By Lettie Stratton
Cycling can be a meditative and spiritual experience. Nothing leads me to a space of quiet contemplation and reflection more reliably than focusing on the whir of wheels on pavement and the steady rhythm of pedals repeatedly rotating around a crank. The intermittent squeaks of an unsatisfactorily greased chain and the occasional squirrel blocking my path are the only interruptions to my meditation.
I didn’t always know cycling could lead me to this place. It wasn’t until I found myself pedaling uphill with full panniers in my lowest gear into a relentless wind for what seemed like forever that I discovered I could be content with discomfort. Now, I find that I can get to this meditative state rather quickly on a bike, and bicycle-inspired musings are a given whenever I go for a ride.
Now back to the wind. Cycling into the wind presents its own set of challenges, both physical and mental. Personally, I found the mental aspect to be more challenging. Feeling like you’re moving backward with every pedal stroke is not the most fun thing in the world when you’re one hour into a six-hour day of biking and halfway through a two-week cycling trip through New Zealand’s South Island. There is literally nowhere to go except forward, and “forward” seemed to be a place I could not go.
No matter how beautiful the scenery (and New Zealand offered some of the most jaw-droppingly beautiful landscapes I’ve ever seen), feeling like you’re on a stationary bike when you’re actually on a real one is far from ideal.
Finally, though, I relaxed into the struggle, pedaling not just to reach the top of the pass but rather to just pedal for the sake of pedaling and enjoying the ride. This was a new concept for me. I found it easier said than done to enjoy the journey and not just the destination. But somehow I surpassed my point of struggle and settled into the discomfort.
“Sure, this hill may be the steepest and longest I’ve encountered so far,” I thought, “but why just wish for the top? If I do that, I’m missing the experience entirely. I’d rather be present, even when the going is tough.”
I think that had this happened on day one, I would have remained in struggle mode. Something tells me that I earned my reprieve through many days and many miles of pedaling, pedaling, pedaling — all day long. My newfound wisdom of settling into discomfort was something I had to pay my dues to receive.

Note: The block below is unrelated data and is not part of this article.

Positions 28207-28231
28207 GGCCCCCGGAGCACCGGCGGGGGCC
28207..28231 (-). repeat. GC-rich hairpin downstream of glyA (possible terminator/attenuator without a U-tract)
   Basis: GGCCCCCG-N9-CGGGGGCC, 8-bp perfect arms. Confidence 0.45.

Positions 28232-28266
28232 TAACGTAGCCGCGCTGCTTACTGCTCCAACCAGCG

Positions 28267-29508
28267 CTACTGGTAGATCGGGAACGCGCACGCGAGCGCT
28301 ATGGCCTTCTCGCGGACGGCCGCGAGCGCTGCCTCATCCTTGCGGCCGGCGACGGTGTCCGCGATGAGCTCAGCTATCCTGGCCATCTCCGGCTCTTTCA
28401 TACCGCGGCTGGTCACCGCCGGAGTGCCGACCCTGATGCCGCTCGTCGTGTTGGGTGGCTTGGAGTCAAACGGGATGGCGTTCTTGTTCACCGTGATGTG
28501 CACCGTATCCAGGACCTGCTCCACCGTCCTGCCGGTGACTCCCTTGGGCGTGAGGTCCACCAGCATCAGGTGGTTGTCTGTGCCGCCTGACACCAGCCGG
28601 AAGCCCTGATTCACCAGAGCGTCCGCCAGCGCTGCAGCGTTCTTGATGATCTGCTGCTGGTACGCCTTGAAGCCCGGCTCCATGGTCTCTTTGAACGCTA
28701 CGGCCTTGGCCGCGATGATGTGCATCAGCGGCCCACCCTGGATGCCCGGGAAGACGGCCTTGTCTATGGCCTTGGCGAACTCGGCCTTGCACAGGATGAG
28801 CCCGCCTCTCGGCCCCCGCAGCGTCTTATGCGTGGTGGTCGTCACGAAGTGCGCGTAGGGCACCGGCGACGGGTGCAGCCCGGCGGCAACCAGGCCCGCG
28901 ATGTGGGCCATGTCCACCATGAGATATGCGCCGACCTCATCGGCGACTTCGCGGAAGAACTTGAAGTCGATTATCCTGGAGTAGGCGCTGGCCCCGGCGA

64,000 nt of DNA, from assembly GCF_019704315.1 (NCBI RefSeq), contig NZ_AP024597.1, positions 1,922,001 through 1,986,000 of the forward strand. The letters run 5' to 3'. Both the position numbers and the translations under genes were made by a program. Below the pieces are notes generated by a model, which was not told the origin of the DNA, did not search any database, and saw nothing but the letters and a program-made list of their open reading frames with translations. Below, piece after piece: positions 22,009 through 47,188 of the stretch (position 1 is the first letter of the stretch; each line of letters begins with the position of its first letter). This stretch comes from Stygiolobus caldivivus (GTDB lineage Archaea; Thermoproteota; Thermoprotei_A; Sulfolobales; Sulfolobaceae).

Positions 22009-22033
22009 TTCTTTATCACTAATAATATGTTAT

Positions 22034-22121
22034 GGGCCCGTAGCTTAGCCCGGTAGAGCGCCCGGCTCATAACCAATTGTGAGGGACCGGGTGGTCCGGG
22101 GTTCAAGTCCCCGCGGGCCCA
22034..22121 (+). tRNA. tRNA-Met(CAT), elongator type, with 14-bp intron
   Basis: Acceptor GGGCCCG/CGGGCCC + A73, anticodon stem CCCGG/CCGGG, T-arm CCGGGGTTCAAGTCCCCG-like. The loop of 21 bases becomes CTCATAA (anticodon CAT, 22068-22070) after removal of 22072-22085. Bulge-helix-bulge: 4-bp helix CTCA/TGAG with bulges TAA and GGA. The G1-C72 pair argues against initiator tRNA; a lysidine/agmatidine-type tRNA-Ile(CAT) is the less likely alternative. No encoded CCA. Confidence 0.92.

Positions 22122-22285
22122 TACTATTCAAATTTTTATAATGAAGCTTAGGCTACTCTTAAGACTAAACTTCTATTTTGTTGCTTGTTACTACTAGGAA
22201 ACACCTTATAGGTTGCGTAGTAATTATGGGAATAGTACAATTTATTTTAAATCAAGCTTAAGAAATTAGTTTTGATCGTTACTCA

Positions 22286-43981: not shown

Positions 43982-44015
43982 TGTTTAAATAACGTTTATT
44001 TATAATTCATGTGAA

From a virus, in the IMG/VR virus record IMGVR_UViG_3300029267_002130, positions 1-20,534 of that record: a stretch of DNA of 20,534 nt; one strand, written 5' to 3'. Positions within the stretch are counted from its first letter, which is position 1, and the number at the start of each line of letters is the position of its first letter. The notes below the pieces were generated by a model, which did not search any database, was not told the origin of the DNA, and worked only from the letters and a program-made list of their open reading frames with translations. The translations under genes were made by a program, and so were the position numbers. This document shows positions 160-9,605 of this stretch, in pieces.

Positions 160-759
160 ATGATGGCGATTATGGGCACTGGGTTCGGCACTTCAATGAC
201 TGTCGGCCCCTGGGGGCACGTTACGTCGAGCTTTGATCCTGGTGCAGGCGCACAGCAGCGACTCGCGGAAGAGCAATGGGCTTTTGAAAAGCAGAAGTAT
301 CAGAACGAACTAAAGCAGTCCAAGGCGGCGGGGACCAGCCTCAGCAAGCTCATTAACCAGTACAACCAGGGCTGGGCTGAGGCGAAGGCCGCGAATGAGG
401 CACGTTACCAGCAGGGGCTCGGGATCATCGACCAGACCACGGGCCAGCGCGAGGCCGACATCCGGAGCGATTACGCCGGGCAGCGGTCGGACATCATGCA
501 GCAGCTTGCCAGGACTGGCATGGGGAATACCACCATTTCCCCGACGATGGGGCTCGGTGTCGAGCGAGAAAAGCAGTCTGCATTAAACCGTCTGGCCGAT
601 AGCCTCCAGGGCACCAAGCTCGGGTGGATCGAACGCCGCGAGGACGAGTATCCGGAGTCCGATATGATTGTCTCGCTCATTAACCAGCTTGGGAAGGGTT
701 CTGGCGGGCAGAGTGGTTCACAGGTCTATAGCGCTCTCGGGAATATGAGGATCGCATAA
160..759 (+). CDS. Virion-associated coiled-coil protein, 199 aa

Long-distance cyclists are familiar with certain mental blocks that must be pedaled through. Every day or every hour on on the bike is not necessarily the epitome of a good time. Some days are perfect — the wind is at your back, you have a delicious mid-afternoon snack in your pannier, and the sun is shining (but not too brightly).
Other days, you grit your teeth, do a series of bicycle-specific hip-opening stretches in hopes of helping yourself make it over the mountain pass without cramping, put on a trash bag that you fashioned into a makeshift rain coat, pack up your essential cycling gear (I never leave home without my Lifestraw and travel pump — and good thing because both came in handy on my windy day), get in the saddle, and hope for the best.
Halfway up the hill, perhaps the only thing that sustains you is thinking about all the calories you burn biking and how you’ll be able to replace those calories in the form of ice cream when you reach your destination (if you ever reach it!).
Breaking through these blocks and coming out on the other end not only unscathed, but better because it was hard, is one of the greatest joys of long-distance cycling.
At its core, cycling is simple. Push on the pedals and your bike will be propelled forward. Just keep riding. Sometimes I see this as a metaphor for life. The simplicity of cycling helps me find what’s important in life. In the saddle I’ve realized things like how few material possessions I need to be happy and how unnecessarily complicated we often make our lives.
When it’s just you, the bike, and the passing landscape for a long period of time, it’s difficult to distract yourself from what’s really going on in your head and your life — especially when you’re cycling into adversity, like a strong headwind. Even when you think you can’t go on, you somehow find a way to keep going, settling into discomfort and pushing forward.
Lettie Stratton is a writer and urban farmer in Boise, ID. A Vermont native, she is a lover of travel, tea, bicycles, plants, cooperative board games, women’s basketball, and the outdoors. She’s still waiting for a letter from Hogwarts.Tweet Print